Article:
One of the neat tools in molecular biology is the ability to recombine parts of two proteins to create fusion or chimeras. They're often extremely useful for simple experiments, some of the time for targeting protein domains to subcellular sites, or to isolate a structural component of a protein. The functional information is often quite interesting.
One manuscript recently in Nature Precedings used the chimeric molecule approach slightly differently. John Rossi and coworkers describe a aptamer conjugate for delivering anti-HIV siRNA specificially to infected cells. The aptamer in question is a gp120-interacting molecule. The envelope glycoprotein gp120 is expressed on the surface of HIV-1 infected cells, allowing binding and interalization of the whatever is conjugated to the aptamer, in concept. In this case, Rossi et al. have conjugated the chimera to an siRNA that releases an anti-tat/rev siRNA, which in turn inhibits HIV replication.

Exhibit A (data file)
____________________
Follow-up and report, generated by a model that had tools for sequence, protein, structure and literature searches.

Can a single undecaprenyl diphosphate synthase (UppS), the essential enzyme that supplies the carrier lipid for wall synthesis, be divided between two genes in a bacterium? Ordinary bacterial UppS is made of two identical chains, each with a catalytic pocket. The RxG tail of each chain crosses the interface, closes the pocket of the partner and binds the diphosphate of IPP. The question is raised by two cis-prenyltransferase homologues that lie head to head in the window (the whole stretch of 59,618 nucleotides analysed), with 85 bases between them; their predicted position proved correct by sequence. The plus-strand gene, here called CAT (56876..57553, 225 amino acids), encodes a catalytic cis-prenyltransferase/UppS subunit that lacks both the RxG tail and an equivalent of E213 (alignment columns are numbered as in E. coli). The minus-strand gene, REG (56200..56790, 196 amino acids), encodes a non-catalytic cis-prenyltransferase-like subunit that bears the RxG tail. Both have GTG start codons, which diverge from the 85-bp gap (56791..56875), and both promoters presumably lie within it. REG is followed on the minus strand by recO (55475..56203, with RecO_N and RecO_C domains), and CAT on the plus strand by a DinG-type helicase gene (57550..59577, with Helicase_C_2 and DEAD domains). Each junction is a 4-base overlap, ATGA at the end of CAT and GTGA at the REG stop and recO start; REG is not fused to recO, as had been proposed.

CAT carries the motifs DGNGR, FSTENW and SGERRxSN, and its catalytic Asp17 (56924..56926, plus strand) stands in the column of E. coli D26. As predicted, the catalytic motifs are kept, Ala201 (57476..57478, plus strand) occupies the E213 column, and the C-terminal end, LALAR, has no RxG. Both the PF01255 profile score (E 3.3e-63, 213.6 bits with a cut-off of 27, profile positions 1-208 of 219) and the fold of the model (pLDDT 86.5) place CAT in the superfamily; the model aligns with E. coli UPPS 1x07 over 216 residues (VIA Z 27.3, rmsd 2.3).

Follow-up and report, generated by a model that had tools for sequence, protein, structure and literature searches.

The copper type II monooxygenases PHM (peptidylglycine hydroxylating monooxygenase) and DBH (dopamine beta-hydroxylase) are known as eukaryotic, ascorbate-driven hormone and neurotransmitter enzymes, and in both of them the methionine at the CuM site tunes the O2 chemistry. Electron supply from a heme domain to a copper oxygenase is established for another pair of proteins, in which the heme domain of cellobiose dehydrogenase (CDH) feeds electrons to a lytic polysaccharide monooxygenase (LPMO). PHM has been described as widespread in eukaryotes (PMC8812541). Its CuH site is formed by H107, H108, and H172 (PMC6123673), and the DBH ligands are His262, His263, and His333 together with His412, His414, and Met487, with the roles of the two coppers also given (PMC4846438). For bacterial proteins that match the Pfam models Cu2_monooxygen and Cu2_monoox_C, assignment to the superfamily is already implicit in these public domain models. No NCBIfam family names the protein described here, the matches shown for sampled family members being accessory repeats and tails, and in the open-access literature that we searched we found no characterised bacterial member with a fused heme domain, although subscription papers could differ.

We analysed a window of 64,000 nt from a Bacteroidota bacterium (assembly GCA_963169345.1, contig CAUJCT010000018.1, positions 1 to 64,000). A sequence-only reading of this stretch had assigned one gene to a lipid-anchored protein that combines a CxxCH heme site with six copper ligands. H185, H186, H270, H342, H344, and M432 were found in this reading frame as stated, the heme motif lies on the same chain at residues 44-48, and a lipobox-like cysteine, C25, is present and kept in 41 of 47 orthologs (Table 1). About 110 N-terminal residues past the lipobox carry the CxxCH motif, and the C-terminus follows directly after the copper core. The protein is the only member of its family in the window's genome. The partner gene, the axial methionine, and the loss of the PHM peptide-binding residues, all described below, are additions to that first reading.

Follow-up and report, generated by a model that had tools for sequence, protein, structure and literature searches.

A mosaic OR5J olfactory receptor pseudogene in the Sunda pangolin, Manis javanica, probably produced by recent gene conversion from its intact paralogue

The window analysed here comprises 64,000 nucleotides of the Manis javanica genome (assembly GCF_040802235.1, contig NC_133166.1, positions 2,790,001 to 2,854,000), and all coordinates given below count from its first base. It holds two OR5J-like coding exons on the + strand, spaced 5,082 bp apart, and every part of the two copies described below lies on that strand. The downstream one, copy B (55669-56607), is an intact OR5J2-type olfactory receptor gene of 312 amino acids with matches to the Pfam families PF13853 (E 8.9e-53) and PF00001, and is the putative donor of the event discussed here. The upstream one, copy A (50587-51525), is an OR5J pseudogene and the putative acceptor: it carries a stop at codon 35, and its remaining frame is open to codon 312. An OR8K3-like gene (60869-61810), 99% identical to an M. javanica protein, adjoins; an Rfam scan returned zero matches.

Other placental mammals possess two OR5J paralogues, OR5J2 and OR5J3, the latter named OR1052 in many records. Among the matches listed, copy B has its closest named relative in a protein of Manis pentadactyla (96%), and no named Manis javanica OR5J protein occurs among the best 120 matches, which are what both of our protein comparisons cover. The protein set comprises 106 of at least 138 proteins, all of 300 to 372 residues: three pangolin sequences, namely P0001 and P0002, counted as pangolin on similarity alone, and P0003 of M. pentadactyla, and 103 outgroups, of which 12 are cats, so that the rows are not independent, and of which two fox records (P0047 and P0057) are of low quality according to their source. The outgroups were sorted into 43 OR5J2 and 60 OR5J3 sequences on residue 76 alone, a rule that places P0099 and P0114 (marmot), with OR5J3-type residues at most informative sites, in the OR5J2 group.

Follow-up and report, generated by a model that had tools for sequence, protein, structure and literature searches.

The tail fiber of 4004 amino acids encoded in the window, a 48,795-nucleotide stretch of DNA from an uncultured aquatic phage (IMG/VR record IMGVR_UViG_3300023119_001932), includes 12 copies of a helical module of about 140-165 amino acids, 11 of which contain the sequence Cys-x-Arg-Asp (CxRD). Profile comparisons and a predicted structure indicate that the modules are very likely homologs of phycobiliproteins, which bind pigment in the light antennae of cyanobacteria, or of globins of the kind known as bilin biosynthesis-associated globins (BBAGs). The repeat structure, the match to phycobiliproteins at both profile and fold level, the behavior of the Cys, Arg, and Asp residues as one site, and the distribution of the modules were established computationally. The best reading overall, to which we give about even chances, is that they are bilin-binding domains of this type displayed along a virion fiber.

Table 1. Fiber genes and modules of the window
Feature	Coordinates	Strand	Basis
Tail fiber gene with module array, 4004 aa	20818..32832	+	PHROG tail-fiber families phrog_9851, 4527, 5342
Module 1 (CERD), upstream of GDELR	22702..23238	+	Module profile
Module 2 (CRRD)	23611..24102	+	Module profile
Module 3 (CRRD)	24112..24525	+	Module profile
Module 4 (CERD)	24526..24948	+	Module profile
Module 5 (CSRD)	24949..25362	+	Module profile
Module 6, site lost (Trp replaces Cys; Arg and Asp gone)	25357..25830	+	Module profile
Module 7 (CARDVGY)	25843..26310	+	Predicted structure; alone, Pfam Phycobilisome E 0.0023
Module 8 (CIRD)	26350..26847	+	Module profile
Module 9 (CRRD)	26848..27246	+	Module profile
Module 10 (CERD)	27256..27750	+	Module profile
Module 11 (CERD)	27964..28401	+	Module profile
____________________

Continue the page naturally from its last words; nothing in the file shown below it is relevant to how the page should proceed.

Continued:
Not too complicated. Similar simple strategies for specifically targeting cancer cells, or any of a number of other medical conditions have been a fad since at least the mid- to late- 1990's. Rarely do they appear to live up to their expectations however. There are just too many molecules in the body with cross-specificity. And even if you get your therapeutic payload to the target cells, it may not be efficiently presented. Especially for delivery of genes to be expressed as proteins or siRNA in vivo – how do you ensure efficient transcription?
And this is what Rossi et al. present – a new and promising approach that they demonstrate in cell culture, but it is a guessing game as to whether this proof-of-concept approach will actually work in the clinical setting. I sympathize, I just got done writing a research proposal that aims to use biomolecular conjugates for drug targeting.